LinkedIn’s ad revenue tops $154.1 million

LinkedIn’s ad revenue tops $154.1 million
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LinkedIn has become the website of choice for professionals all over the world and it continues to grow in strength. As a result, LinkedIn has been reviewing the way that it places advertising on the site, in order to increase both traffic and revenue.

LinkedIn recently made the decision to move from banners to sponsored content, in line with nearly every digital media company, resulting in a 29% increase in promotional ad revenue in the first quarter of 2016. This is 35% more revenue than LinkedIn made in the first quarter of 2015.

Sponsored content includes those posts we see pop up on our LinkedIn feeds that companies have paid to be put in place. This type of content now accounts for 56% of LinkedIn’s overall ad revenue, which equates to around $86.3 million. This means that this form of revenue has grown by almost 80% in the past year alone.

Conversely, the “Premium Display” side of LinkedIn’s ad business, which includes banner ads it places on the right-hand side of its desktop site, has continued to diminish. LinkedIn has seen revenue from this display advertising drop by 30%. This now accounts for only around 10% of the division’s revenue.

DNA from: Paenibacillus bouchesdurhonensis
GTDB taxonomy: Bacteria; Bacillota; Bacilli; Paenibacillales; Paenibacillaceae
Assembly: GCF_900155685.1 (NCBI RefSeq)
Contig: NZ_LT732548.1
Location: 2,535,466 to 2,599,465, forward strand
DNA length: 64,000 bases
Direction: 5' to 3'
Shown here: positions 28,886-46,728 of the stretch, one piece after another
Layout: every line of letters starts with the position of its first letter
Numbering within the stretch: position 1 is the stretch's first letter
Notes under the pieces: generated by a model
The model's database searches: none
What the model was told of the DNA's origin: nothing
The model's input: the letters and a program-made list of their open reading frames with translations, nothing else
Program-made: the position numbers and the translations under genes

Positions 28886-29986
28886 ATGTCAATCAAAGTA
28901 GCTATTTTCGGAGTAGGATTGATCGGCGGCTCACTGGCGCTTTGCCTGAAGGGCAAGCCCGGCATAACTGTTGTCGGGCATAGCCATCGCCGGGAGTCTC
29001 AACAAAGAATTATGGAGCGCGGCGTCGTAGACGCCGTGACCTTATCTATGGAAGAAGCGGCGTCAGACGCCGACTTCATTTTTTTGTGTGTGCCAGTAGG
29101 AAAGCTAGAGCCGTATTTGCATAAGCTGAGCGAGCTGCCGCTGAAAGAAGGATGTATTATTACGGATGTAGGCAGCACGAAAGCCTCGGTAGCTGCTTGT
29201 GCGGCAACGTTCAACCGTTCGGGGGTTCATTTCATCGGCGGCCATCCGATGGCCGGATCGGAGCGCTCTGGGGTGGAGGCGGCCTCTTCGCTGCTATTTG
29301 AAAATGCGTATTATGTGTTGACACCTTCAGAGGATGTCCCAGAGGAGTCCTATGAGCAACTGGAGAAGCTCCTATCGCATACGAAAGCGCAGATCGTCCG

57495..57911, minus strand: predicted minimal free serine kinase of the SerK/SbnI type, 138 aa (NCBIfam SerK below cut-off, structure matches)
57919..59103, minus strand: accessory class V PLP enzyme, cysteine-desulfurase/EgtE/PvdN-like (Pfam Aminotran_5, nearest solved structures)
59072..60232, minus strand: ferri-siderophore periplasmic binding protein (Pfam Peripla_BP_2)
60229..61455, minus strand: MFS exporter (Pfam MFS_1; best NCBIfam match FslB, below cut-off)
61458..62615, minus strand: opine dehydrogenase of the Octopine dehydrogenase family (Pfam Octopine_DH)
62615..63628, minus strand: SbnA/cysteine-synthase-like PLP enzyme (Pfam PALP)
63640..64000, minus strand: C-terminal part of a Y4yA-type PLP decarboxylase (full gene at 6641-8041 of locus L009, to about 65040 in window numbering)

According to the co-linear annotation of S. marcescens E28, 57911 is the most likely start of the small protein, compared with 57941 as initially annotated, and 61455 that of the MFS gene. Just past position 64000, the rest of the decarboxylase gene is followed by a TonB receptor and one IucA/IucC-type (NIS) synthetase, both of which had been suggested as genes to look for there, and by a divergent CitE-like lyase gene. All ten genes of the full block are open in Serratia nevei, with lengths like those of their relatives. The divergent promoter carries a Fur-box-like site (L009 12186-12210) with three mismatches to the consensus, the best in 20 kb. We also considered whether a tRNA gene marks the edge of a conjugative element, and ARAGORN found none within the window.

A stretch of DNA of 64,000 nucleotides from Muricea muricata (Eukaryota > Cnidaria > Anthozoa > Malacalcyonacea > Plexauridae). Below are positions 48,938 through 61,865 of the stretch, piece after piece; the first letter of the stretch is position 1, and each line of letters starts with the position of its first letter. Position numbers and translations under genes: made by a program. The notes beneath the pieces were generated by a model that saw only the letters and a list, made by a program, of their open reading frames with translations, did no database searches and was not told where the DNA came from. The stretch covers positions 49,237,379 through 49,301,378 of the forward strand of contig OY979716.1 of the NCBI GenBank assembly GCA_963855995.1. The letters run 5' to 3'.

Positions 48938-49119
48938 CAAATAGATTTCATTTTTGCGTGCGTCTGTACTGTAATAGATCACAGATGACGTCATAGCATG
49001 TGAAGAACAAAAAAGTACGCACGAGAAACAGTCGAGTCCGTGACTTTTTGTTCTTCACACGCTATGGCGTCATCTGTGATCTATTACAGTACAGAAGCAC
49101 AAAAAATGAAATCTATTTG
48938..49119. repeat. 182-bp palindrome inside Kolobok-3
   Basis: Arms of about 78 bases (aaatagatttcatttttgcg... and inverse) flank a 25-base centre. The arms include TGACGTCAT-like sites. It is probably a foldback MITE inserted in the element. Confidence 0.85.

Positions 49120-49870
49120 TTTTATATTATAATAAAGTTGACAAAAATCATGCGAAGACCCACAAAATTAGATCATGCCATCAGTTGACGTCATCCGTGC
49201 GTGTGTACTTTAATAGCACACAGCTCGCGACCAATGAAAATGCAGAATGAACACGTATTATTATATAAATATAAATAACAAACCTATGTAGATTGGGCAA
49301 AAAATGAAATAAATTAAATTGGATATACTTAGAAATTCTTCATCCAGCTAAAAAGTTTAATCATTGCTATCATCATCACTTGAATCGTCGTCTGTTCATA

Therefore, it is clear that LinkedIn would prefer marketers to direct their money towards sponsored content, which will appear on both desktop and mobile versions of the site. Recent data shows that 58% of the 106 million people that view their LinkedIn account each month are doing so via their mobile.

LinkedIn’s decision to prioritise sponsored over standard ad features seems to have resulted in the shutting down of the company’s display ad network, which happened in February. The company’s CFO Steve Sordello said at the time that the ad network “required more resources than anticipated to scale.” Therefore, it is clear that the company is putting these resources towards its sponsored content business.

However, it is important to be aware that advertising is secondary in regards to revenue for LinkedIn, with more than half of its profits being derived from the recruiting-and-hiring side of its business.